Australia Post has today released a special issue of four stamps, featuring aerial photography of Australian landscapes which shows just how close art and nature can be.

Australia Post Philatelic Manager Michael Zsolt said the stamps would be almost twice the size of regular domestic-rate stamps to emphasise their aesthetic appeal.

"The Art in Nature stamp issue illustrates the exquisite beauty found in our country's natural landforms, akin to art," Mr Zsolt said.

"To showcase these abstracted Australian landscapes and their painterly quality, these stamps are double-definitive in size, giving a larger than usual 'canvas' ."

Designed by Andrew Hogg Design, the four domestic-rate ($1) stamps feature the following Australian locations:

  1. Shark Bay, Western Australia: Located about half way up Western Australia's west coast, Shark Bay is a spectacular World Heritage–listed area that stretches along 1,500 kilometres of coastline. It includes several islands, white sand beaches, red cliffs and tranquil turquoise lagoons and is home to remarkable biological diversity and marine life. Showing the shifting sands of this coastal idyll, the photograph was taken on a Phase One IQ280 80 mega pixel camera by Christian Fletcher.
  2. Wyadup Rocks, Western Australia: Found on the Injidup beach in the Margaret River region of Western Australia, the Wyadup outcrop is a meeting point of rocky boulders, pale sand and deep-turquoise sea. The photo, taken on a Phase One IQ280 90 mega pixel camera by Christian Fletcher, captures ocean waves crashing across the rocks, filling natural rock pools.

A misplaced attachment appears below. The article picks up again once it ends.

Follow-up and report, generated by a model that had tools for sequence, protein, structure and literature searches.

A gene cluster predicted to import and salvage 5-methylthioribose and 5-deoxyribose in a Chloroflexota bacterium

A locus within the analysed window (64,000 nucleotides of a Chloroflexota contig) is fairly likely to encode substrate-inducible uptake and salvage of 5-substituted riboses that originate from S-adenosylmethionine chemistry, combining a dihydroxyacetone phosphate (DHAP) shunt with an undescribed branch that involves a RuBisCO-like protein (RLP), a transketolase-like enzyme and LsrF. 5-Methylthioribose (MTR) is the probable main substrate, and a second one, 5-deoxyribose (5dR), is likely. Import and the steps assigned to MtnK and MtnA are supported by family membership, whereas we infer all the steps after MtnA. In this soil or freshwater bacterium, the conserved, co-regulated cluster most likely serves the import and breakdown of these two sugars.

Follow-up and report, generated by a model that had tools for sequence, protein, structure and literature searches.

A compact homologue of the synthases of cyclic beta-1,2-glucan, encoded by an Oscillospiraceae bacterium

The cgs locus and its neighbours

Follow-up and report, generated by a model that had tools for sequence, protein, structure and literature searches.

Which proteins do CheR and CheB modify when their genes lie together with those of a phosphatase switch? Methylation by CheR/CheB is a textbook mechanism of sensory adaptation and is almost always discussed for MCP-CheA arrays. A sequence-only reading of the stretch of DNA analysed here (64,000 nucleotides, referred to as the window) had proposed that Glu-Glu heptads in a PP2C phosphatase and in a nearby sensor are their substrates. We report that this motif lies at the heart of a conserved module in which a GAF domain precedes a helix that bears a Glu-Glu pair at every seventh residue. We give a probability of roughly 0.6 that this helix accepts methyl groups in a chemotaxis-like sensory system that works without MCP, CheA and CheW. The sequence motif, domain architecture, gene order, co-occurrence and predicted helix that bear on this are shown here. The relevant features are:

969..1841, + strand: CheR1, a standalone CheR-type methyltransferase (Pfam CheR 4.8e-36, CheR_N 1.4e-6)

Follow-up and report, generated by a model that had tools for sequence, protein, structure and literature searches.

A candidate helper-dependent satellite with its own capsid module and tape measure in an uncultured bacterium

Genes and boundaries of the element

3. Lake MacDonnell, South Australia: Near the township of Penong, about 850 kilometres west of Adelaide, Lake MacDonnell exhibits a spectacular shade of pink as a result of mineral deposits. The lake is responsible for the harvest of huge amounts of salt and is also a key source of gypsum, having the largest deposits of this mineral in Australia. Taken on a Phase One IQ280 80 mega pixel camera by Christian Fletcher, the photograph shows a roadway cleaving the waters of the brine lake.
  4. Cape Capricorn, Queensland: Found on the north-eastern tip of Curtis Island, Cape Capricorn was named by James Cook in 1770 for its precise location on the Tropic of Capricorn. Capturing an estuary and sand banks, the photograph was taken by Richard Woldendorp in 1997 on an analogue camera, a Pentax 6x7 camera, on Ektachrome 100 film.

The products available with this stamp issue include a first day cover, stamp pack, minisheet, set of four maxicards, four booklets of 10 x $1 stamps and booklet collection.

The Art in Nature special stamp issue is available from 12 June 2018 at participating Post Offices, via mail order on 1800 331 794 and online at auspost.com.au/stamps, while stocks last.